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Claudia Sheinbaum Set to Become Mexico’s First Female President

Mexico held her presidential elections on Sunday and according to the preliminary results from 74% of the total votes, Claudia Sheinbaum is leading with between 58.3 and 60.7 percent of the vote. It put her nearest rival, Xochitl Galvez, who leads a coalition of largely conservative parties, on 26.6-28.8 percent.


The former head of Mexico City’s government, Sheinbaum was born into a family of Jewish heritage. She followed her parents into the field of science where she studied physics and then energy engineering, pursuing research for her doctoral degree at the University of California, Berkeley in the United States.

Her transition to politics came under the mentorship of Lopez Obrador, the outgoing president of Mexico, with whom she often participated in the same protests and activist work. When Lopez was elected mayor of Mexico City, he offered her the position to be the secretary of the environment.

Her transition to politics came under the mentorship of Lopez Obrador, the outgoing president of Mexico

In the decades since, she has campaigned on Lopez Obrador’s behalf, while forging her own academic and political career, including as mayor of Tlalpan. Eventually, in 2018, she became the first woman elected to lead Mexico City, a high-profile position often seen as a launchpad for future presidential bids. She resigned from the post in June 2023 to seek her party’s presidential nomination.

However, her campaign was overshadowed by the outgoing president’s popularity who was rated among the most popular heads of state currently in power, after India’s Prime Minister Narendra Modi.

As Claudia Sheinbaum prepares to assume leadership in Mexico, she faces a complex array of challenges inherited from her predecessor, Andrés Manuel López Obrador (AMLO). These issues span from violence and cartel conflicts to economic instability and environmental crises, each requiring astute and effective governance to navigate.

AMLO claims to have reduced historically high homicide levels by 20 percent since taking office in December 2018. However, this assertion is based on a contentious interpretation of statistics. Independent analyses suggest that the real homicide rate has only declined by about 4 or 5 percent over the past six years. This marginal improvement underscores the persistent issue of violence in Mexico, which Sheinbaum must address to ensure public safety and restore confidence in law enforcement.

Under AMLO, drug cartels have expanded their control across much of the country, diversifying their revenue streams beyond narcotics to include extortion of legally operated industries and migrant smuggling. This complex and entrenched conflict poses a significant challenge for Sheinbaum, who must develop a multifaceted strategy to combat cartel influence and restore order.

Under AMLO, drug cartels have expanded their control across much of the country

Mexico’s state-owned oil company, Pemex, is burdened with immense debt, further exacerbated by AMLO’s ambitious yet faltering projects. The new oil refinery, a centerpiece of AMLO’s vision, remains non-operational, and many of his other infrastructure initiatives are unfinished, over budget, and unlikely to be profitable. Sheinbaum inherits these financial albatrosses, complicating her ability to foster economic stability and growth.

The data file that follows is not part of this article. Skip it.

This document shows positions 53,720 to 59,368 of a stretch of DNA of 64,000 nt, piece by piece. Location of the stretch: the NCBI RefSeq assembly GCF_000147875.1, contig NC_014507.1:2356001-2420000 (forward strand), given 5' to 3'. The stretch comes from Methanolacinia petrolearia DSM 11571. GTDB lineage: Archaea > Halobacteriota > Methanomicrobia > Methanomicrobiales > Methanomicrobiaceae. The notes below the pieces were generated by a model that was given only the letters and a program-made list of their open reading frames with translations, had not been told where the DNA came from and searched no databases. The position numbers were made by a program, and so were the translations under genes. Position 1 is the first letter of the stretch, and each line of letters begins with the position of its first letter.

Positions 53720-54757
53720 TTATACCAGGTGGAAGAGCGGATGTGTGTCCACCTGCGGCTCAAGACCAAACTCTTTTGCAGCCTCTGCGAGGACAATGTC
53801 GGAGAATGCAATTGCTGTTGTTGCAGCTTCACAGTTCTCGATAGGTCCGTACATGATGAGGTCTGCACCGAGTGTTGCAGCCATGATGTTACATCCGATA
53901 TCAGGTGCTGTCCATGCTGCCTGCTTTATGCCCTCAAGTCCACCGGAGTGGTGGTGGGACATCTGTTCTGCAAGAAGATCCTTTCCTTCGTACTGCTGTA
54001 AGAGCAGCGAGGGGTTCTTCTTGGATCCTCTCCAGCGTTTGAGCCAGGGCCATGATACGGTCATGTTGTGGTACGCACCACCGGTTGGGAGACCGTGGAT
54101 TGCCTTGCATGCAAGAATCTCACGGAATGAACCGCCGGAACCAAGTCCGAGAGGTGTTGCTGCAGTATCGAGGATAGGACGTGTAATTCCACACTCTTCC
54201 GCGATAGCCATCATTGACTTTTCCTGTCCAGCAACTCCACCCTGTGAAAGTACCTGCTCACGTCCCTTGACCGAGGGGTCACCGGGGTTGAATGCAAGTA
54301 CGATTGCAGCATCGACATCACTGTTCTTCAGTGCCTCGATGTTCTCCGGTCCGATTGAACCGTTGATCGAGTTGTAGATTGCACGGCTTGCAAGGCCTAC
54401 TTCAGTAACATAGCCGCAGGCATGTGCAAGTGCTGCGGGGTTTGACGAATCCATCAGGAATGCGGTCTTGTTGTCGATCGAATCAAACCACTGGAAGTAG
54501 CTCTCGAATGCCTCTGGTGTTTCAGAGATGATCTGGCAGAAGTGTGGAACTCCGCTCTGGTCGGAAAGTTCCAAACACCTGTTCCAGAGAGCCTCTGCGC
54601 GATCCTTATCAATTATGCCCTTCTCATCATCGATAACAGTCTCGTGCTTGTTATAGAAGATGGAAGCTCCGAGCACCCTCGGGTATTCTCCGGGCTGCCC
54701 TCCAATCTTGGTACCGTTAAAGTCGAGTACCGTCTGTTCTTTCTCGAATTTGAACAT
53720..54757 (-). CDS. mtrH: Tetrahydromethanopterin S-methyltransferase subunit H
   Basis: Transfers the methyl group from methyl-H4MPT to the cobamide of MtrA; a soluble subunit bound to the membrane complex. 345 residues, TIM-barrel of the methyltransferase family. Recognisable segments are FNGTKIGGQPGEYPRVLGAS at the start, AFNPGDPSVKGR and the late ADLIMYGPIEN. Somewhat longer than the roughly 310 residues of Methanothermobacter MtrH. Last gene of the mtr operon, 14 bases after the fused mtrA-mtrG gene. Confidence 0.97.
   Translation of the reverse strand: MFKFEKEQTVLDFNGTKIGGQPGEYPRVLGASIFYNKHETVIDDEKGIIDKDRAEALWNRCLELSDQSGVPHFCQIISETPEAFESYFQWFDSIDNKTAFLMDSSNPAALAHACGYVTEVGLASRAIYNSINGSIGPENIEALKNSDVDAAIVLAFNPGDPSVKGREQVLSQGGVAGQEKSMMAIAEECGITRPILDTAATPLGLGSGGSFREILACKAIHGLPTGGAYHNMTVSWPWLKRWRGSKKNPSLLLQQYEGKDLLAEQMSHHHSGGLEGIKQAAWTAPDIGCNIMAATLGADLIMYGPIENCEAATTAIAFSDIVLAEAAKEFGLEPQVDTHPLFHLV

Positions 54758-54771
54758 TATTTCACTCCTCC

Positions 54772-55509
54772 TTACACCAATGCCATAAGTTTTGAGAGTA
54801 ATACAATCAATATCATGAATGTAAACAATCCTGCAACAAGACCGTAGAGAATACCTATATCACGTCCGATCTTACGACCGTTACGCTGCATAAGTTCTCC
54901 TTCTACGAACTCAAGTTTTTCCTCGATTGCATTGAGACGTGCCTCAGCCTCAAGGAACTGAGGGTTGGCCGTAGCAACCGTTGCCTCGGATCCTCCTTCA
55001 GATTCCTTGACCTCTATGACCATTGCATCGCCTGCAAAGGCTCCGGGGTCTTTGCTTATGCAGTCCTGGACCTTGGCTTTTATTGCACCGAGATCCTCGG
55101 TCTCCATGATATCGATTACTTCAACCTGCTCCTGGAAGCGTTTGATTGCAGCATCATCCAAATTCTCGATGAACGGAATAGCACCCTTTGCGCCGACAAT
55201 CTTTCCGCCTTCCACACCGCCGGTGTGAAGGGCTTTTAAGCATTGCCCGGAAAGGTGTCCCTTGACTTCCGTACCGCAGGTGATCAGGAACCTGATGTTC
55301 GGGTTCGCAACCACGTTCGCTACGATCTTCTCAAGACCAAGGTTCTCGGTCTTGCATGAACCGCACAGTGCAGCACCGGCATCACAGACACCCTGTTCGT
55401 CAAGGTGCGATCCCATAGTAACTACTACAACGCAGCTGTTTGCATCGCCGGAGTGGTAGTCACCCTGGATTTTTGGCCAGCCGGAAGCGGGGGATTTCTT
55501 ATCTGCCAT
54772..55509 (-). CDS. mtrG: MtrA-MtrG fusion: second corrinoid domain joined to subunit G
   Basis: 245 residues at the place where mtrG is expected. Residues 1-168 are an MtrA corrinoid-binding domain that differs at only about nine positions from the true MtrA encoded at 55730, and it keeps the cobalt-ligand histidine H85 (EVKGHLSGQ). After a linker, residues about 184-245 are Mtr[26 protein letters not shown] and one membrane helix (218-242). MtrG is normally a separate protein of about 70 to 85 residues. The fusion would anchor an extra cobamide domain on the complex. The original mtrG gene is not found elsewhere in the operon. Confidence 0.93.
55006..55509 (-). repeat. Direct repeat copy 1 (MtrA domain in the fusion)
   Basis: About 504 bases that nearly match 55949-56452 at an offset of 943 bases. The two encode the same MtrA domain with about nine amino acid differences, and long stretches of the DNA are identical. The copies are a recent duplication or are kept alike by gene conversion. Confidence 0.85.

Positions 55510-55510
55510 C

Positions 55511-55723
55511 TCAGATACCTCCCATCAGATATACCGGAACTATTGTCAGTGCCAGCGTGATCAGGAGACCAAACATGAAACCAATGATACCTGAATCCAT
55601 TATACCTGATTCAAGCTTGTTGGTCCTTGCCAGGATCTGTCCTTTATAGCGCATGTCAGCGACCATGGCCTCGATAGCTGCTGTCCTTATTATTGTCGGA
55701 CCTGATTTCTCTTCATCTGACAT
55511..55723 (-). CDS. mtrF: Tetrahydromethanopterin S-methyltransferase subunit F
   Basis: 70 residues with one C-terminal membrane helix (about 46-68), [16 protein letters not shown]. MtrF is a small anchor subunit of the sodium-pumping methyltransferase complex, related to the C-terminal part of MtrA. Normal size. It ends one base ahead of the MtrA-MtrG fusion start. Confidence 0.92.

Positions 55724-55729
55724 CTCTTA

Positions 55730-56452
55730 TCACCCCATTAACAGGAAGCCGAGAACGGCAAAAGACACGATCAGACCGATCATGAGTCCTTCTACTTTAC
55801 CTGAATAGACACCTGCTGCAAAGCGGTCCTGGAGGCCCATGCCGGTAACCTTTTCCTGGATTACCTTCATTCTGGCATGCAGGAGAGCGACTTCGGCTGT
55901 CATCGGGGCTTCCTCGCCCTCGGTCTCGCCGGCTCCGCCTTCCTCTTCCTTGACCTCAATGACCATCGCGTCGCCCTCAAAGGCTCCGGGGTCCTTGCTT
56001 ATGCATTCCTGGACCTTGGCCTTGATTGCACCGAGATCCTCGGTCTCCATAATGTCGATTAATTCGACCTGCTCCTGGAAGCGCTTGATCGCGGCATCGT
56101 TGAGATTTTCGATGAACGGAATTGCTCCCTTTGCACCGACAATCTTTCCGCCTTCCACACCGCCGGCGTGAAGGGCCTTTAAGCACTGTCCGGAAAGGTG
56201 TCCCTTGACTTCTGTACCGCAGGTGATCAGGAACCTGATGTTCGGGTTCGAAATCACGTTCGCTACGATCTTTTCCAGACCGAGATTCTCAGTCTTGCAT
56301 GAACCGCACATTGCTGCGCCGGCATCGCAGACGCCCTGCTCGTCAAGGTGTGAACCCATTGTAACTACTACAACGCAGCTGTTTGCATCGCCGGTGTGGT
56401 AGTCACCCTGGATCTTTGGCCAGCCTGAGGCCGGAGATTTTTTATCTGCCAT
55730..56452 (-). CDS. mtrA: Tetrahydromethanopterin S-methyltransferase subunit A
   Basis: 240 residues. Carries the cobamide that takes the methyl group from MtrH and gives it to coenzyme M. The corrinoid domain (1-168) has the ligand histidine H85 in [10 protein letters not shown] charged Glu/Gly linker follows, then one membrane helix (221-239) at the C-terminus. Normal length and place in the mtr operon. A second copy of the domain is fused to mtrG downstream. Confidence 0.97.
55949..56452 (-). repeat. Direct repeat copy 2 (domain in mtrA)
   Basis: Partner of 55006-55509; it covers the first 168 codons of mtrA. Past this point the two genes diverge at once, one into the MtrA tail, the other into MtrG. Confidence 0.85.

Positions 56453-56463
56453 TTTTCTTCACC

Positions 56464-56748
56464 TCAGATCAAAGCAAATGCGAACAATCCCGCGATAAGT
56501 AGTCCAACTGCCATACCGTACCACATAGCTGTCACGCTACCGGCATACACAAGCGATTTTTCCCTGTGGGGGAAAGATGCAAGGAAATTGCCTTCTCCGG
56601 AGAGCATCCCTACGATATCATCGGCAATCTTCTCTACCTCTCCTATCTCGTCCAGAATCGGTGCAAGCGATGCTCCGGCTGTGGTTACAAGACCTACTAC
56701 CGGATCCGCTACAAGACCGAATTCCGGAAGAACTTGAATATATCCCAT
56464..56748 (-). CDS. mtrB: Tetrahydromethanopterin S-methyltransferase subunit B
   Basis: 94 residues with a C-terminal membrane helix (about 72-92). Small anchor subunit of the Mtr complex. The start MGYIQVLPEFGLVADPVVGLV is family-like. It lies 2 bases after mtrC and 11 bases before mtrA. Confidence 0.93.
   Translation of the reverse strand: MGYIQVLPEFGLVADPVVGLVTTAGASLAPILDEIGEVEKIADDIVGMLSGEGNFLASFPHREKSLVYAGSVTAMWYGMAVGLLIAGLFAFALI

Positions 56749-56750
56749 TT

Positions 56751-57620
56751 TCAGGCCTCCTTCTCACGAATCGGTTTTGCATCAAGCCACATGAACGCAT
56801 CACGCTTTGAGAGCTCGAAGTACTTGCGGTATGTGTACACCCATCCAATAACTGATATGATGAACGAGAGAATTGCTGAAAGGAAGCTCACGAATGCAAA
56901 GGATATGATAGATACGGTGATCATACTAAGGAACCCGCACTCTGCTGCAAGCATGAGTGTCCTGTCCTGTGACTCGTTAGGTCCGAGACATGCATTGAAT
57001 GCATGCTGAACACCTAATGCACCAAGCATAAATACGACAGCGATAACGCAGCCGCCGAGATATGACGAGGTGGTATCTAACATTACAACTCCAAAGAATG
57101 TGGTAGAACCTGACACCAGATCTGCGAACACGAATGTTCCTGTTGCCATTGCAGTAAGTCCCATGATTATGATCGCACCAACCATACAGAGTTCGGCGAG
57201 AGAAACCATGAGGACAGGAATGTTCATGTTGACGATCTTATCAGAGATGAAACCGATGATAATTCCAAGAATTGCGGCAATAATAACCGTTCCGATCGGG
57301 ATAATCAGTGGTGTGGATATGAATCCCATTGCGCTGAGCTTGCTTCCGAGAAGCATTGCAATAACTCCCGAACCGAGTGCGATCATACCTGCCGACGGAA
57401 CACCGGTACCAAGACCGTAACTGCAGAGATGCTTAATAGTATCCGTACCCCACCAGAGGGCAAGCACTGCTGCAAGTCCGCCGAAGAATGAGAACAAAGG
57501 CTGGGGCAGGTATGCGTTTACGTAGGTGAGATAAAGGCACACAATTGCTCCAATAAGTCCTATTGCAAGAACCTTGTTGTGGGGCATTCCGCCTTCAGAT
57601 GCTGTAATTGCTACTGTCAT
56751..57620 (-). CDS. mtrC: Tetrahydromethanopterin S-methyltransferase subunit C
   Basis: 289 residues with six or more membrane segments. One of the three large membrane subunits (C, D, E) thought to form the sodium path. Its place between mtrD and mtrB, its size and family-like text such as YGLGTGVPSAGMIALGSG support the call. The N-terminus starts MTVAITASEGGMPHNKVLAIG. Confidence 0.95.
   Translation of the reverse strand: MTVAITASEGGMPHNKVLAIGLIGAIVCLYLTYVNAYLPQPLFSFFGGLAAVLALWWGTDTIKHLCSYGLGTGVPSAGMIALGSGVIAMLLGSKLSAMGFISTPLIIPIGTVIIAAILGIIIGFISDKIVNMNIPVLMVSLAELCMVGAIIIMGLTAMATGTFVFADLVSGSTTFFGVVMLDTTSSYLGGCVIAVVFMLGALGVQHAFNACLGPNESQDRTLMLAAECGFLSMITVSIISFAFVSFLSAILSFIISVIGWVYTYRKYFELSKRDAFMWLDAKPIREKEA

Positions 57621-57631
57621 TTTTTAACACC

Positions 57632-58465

AMLO leaves behind a staggering budget deficit equivalent to 5.9 percent of GDP. This fiscal imbalance, coupled with ongoing costs for AMLO’s construction and social benefit programs, severely limits Sheinbaum’s financial maneuverability. Addressing this deficit while attempting to fund necessary reforms will be a delicate balancing act.

Mexico faces looming water and energy shortages, exacerbated by the inefficiencies and environmental impact of the state-owned Federal Electricity Commission (CFE). The CFE has proven to be highly polluting and unreliable, particularly during droughts and extended heatwaves. Sheinbaum must innovate and implement sustainable solutions to address these critical shortages and ensure the country’s long-term viability.

The environmental challenges facing Mexico are dire. Long-running droughts, wildfires, and soaring temperatures have wreaked havoc on the ecosystem, with extreme cases such as monkeys dropping dead from trees due to heat stress. Additionally, the construction of AMLO’s Maya Train has sparked significant environmental concerns. Sheinbaum must prioritize environmental protection and sustainable development to mitigate these crises and preserve Mexico’s natural heritage.

Opposition candidate Xochitl Galvez Ruiz acknowledged defeat and congratulated Sheinbaum on her win. “A few minutes ago, I contacted … Sheinbaum to acknowledge the election result. I told her that I saw a Mexico with a lot of pain and violence and that I hope she can resolve the serious problems of our people,” she was quoted as saying by local media.

Translation: Being your candidate has been the greatest honour of my life. They will always count on me as a warrior who will fight for a country in which life, truth and freedom are respected. Let’s go ahead and long live Mexico!

Claudia Sheinbaum steps into leadership at a pivotal moment for Mexico. The challenges ahead are formidable, requiring a blend of innovation, resilience, and strategic planning. Addressing violence, cartel control, economic instability, fiscal deficits, and environmental crises will test her administration’s capabilities. Success in these areas is crucial not only for her political legacy but for the future prosperity and stability of Mexico.


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